And you know what? The Sicily portrayed in The Leopard isn't so different. Replace "the mob" with "Italian history" and you've got a good encapsulation of The Leopard: landscapes, death, and political upheaval.
And you know political upheaval makes for consistently awesome storytelling. Just check out the roster of TV's greatest hits. Game of Thrones might be called Weird Sex In Westeros if there wasn't a whole lot of politicking and power shifts going on. House of Cards might be called The Story of Frank Underwood: A Nice Guy Who Occasionally Eat Ribs.
The Leopard is all about how the history turns life upside down for one Sicilian aristocrat even as it changed the future of Italy. And it's no wonder The Leopard is so personal: it's actually about how Sicilian history impacted its author Giuseppe Tomasi di Lampedusa.
Like the book's main character, Prince Fabrizio, Lampedusa was the last of the line of an old royal family from the now-defunct Kingdom of the Two Sicilies. Like Fabrizio, Lampedusa's family lost its status in Italian society when Italy first became a unified country during the Italian "Risorgimento" in 1860. The Risorgimento, or "The Resurgence," was the decades-long process that turned Italy from a bunch of tiny city-states into the unified boot that we know and love today. During this process, old royal families from the southern part of Italy lost their status and got tossed out of power.
But The Leopard, published in 1958 nearly a hundred years after the Risorgimento, isn't a fusty political tome that just lists dates and the names of generals. In fact, politics stays on the back burner during the majority of this totally politics-driven novel. The Leopard focuses on what is happening to Fabrizio's family (not that kind of family—there are some differences between The Leopard and The Godfather) and how Fabrizio deals with the fact that he's gonna die. And die he does: just like the state of The Kingdom of the Two Sicilies.
Hey, at least he doesn't die making an orange peel into a weird set of teeth.
Like the classic kid's book says, everybody dies.
But the protagonist of The Leopard, Prince Fabrizio, is having a hard time realizing that everybody has to kick the bucket, croak, buy the farm, bite the big one, and cash in their chips.
To be fair, it's not Prince Fabrizio's year. The Kingdom of the Two Sicilies, where he's a dang prince, is going the way of the white elephant and making way for a unified Kingdom of Italy. That means that middle-aged Fabrizio is extra depressed: he's halfway to death, and his title of Prince is already six feet under.
So what does he do about it? Um, not a lot. He tries to drown his sorrows in tons o' sensual pleasure (mistresses! macking on his niece-to-be! parties!) but he also spends a bunch of time staring at the stars and wishing he was young again.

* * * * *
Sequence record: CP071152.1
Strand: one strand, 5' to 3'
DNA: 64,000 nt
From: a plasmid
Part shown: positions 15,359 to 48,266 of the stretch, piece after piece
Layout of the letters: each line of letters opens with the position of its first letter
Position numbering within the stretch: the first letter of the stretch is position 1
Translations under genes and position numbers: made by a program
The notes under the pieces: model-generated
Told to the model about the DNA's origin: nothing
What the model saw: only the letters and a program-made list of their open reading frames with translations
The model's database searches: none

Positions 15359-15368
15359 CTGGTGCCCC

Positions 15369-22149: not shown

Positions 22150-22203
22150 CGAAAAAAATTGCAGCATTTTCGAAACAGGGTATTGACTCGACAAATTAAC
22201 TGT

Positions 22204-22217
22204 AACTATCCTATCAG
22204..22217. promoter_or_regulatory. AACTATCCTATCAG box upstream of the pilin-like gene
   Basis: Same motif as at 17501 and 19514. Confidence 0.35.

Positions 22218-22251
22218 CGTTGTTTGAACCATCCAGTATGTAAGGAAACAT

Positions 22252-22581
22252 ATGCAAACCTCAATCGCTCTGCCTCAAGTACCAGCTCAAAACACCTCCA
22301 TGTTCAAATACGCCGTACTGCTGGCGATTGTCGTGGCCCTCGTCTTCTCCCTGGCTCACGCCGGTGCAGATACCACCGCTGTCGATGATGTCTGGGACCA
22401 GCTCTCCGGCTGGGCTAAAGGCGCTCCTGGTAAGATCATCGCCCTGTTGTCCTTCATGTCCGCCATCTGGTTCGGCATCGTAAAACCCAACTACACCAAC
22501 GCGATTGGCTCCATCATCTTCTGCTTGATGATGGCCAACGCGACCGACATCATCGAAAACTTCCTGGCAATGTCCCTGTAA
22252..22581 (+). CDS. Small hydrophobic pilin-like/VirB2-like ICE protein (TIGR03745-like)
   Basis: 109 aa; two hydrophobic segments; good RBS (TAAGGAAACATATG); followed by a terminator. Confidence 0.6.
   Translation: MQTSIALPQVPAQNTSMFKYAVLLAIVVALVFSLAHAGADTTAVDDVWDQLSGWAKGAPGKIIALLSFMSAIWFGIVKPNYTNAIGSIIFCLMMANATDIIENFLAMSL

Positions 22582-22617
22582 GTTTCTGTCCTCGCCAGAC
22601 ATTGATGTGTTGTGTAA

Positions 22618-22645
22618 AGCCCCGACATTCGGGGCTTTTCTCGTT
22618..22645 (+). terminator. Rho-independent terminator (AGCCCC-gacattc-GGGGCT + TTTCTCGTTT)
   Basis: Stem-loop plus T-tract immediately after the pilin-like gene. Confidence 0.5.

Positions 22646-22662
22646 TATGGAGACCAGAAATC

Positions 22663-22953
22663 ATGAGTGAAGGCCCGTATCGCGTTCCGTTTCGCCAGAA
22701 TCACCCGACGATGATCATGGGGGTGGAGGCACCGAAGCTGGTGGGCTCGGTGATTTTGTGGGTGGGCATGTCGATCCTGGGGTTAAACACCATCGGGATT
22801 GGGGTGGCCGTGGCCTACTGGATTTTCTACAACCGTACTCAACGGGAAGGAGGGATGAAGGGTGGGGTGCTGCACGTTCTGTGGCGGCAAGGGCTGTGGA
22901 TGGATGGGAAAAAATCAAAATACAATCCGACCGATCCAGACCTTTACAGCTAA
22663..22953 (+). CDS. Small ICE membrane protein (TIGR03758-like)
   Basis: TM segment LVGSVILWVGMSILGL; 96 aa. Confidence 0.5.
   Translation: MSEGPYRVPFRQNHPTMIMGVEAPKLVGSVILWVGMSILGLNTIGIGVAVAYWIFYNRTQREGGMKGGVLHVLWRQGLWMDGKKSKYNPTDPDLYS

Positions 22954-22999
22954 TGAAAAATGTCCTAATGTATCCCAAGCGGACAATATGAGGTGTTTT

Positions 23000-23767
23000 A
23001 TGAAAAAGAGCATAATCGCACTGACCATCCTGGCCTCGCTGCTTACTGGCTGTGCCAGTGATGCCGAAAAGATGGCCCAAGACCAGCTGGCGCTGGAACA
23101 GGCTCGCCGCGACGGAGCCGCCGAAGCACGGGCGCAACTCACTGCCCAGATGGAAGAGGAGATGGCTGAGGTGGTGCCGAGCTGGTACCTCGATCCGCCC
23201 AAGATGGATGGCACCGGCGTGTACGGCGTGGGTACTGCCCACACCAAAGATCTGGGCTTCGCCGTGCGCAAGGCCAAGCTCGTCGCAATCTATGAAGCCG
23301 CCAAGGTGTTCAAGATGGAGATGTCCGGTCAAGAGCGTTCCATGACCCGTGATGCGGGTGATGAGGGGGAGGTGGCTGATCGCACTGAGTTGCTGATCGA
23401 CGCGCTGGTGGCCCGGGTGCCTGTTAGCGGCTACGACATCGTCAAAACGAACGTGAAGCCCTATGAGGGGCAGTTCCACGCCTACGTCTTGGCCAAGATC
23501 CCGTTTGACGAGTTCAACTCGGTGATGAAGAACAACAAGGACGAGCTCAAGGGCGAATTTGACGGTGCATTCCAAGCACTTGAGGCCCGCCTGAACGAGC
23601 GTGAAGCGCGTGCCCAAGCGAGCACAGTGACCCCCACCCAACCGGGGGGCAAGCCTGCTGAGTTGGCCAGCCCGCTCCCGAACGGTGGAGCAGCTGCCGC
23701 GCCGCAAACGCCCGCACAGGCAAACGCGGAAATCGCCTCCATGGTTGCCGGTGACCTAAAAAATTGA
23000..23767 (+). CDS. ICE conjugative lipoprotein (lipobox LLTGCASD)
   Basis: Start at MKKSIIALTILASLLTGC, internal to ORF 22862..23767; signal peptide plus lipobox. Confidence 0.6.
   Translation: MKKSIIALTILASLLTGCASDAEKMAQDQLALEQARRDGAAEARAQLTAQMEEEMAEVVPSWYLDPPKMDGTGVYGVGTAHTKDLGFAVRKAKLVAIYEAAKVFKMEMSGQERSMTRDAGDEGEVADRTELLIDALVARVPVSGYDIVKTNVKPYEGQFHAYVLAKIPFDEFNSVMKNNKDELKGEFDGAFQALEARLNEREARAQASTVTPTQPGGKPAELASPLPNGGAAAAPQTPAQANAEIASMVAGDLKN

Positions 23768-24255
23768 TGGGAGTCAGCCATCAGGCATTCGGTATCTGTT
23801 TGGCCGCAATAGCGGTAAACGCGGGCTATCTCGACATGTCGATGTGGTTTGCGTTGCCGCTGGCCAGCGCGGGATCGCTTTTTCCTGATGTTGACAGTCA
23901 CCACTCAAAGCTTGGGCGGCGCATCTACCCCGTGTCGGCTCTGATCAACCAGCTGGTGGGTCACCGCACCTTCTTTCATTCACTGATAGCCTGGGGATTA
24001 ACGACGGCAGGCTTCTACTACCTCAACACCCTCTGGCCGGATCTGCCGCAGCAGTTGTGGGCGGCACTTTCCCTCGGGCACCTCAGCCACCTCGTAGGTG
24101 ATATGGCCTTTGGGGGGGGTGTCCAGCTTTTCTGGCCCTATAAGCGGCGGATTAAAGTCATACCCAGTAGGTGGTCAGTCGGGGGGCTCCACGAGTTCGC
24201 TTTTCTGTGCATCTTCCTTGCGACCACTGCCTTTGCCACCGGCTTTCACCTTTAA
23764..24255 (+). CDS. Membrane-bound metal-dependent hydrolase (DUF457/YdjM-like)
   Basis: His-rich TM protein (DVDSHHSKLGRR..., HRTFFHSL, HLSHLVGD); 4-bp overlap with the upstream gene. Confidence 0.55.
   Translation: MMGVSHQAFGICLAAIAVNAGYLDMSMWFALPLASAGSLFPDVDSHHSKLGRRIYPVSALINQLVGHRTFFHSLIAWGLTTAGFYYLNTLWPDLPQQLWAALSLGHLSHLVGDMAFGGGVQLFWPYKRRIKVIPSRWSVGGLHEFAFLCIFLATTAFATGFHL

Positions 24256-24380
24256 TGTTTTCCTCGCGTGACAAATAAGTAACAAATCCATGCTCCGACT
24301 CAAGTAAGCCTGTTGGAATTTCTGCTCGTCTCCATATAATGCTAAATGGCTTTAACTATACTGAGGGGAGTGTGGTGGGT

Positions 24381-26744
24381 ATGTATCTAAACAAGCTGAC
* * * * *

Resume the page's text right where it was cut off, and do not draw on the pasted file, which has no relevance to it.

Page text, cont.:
Oh, don't get us wrong. This is not a plotless book about a sad dude eating pints of ice cream and listening to mournful music. The Leopard is a novel about the transformation of Italy, and a huge, crazy revolution. There are scheming priests, hot ladies and dashing soldiers. There are parties and funerals and stuffed dogs.
But your main course of history and intrigue comes with a generous side dish of sorrow. There's a super-handy German word for this: Weltshmerz. This translates to the sorrow felt when you compare the ideal state of the world to the way it really is. Prince Fabrizio is Weltshmetzing it up big time: he's bummed about the fact that his moment in Italian history is solidly over.
Lampedusa's novel offers us a time capsule. History books can tell us what happened in the past, but historical novels can actually help us feel what the past was like. So, unlike poor Fabrizio, we can live vicariously in the past.
But reading The Leopard is going to make you not want to live in the past. This novel is about the looming, scary inevitability of death and the callous progression of history. The Leopard isn't going to make you want to sink back into your couch and refresh your newsfeed. It's going to make you want to jump up and seize the dang day… because soon enough you'll be deader than a doornail.
And we think that maybe—just maybe—that's what Lampedusa (who died before this book was published) wanted us to feel as we read The Leopard.
Giuseppe di Lampedusa at Encyclopedia Britannica
You're not going to find a ton of websites on this guy, since The Leopard was the only book he ever published. But fear not, Encyclopedia Britannica has got you covered.
Lampedusa in Best of Sicily Magazine
Learn about Lampedusa from the people who know him best—the Sicilians.
The Leopard (1963 Film)
Starring Burt Lancaster, Luchino Visconti's film version of the book is a classic of 20th century cinema.
"A Place in the Sun"
This awesome article explores the ways in which Lampedusa's book has become a crucial part of Sicilian history and culture.
"The Leopard Turns 50"
Written in 2008, this article takes a look back on half a century of The Leopard and explores how the book's portrayal of Sicilian history still has an impact on readers today.
David Mitchell Celebrates T.L.
Author David Mitchell makes an impressive pitch for why everyone should put reading The Leopard on their bucket list.
The Leopard 1963 Trailer
Here's the original trailer for the famous 1963 film version of The Leopard.
One YouTube viewer decided to cut a mash-up of footage from The Leopard and set it to Italian music.
Audio Clip from The Leopard
This guy is a really great reader, so if you're looking for an audiobook version of T.L., track this one down.
There aren't many images of Giuseppe di Lampedusa as a younger man, but here's one of them.
Just try to ignore the Hitler moustache. Lampedusa was an okay guy.
Getting His Think On
Here's one of the better pictures for giving us insight into Lampedusa's brooding personality.